Video Games Review: Hyrule Warriors Legends (3DS, 2016)

Hyrule Warriors Legends brings the brawling, button-mashing, horde-slaying action of its Wii U counter part into the realm of the handheld. It’s an impressive mixture of gameplay elements, modes and beloved characters with one glaring flaw — if you are playing it on anything other than a New 3DS console, you’re going to have a bad time.

Despite not being much of a Dynasty Warriors fan, 2014’s Hyrule Warriors on Wii U surprised me by being a lot more than the cynical cash-in that leveraged the Zelda brand I had expected. I have a number of friends who really love the Dynasty Warriors series and its attendant spin-offs (the criminally overlooked Gundam Warriors, for instance), some for cultural reasons, some because they like the absurd scale of it all, but they never quite clicked for me.

I’d expected to react to Hyrule Warriors with a resounding “meh,” but it seemed determined to prove me wrong with expanded Dynasty Warriors gameplay, a pile of game modes to choose from and a wealth of characters from throughout The Legend of Zelda‘s 30-year history. It made Nintendo’s decision to port  the game and all of its DLC, plus a wealth of new content, to the handheld a rather natural one. The truly surprising thing is that Nintendo have been able  to translate the experience almost perfectly from one system to another. Having said that, your experience will differ wildly depending on the hardware you’re running.


Hyrule Warriors Legends runs on both the first generation Nintendo 3DS and 3DS XL consoles, but it’s been built to run on the more powerful New Nintendo 3DS system. Ordinarily, this isn’t a problem and Nintendo have to date been very good at ensuring a comparable experience regardless of hardware. Here however, the difference in performance between the two is startling.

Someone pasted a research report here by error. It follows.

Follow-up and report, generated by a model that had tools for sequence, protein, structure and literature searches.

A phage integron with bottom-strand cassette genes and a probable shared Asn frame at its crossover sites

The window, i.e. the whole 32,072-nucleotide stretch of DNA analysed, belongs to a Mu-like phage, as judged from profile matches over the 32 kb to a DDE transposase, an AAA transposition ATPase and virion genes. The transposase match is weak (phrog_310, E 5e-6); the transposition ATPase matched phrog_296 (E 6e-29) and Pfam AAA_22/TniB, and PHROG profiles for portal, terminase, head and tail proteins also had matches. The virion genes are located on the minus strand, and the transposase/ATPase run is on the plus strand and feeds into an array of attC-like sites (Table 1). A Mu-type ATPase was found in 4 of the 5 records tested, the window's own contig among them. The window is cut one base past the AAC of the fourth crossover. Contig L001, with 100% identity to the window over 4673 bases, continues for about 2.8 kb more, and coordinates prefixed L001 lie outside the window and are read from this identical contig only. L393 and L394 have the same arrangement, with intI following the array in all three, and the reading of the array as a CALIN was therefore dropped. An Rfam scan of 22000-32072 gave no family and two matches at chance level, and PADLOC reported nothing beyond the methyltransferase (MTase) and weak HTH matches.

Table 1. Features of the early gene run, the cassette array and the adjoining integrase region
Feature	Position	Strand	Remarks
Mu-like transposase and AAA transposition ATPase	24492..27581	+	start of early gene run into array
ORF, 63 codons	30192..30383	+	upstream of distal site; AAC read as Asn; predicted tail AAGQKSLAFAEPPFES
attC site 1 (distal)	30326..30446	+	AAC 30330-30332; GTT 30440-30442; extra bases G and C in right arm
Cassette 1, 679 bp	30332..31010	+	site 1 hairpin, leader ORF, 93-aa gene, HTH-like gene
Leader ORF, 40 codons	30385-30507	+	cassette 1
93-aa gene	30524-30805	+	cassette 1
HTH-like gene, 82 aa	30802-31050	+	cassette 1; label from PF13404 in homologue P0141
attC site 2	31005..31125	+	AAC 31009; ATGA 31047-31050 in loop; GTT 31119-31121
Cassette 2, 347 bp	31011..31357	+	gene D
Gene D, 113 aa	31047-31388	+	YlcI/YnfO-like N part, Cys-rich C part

Due to being a starving freelancer, I haven’t been able to upgrade to a New 3DS console just yet and so I reviewed Hyrule Warriors Legends on an older 3DS XL a friend had kindly loaned me. Though slowdown and frame chugging on this older hardware has become more common as it begins to show its age, it’s so bad here that it makes the game feel like it’s running in slow motion. Worse, enemy models have been reduced to mere red blobs and even then the poor 3DS can’t seem to keep up with the sheer number of enemies, meaning pop-in is rife. This means the two things Dynasty Warriors fans expect from these games — huge enemy counts and rapid-fire combat — are nowhere to be found.

I completed my playthrough but was weary of it within a few hours. I returned the 3DS XL to my friend. Unsatisfied with how my review playthrough had gone and feeling like I was missing something, I then began wheedling at another  friend to let me borrow their New 3DS console. I’m happy to report that they agreed and woah what a difference the new hardware makes. Beyond simply looking much nicer, the game also runs with perfect smoothness regardless of how many hundreds of enemies are on-screen at the time. Clearly, Nintendo built Hyrule Warriors Legends specifically for this hardware.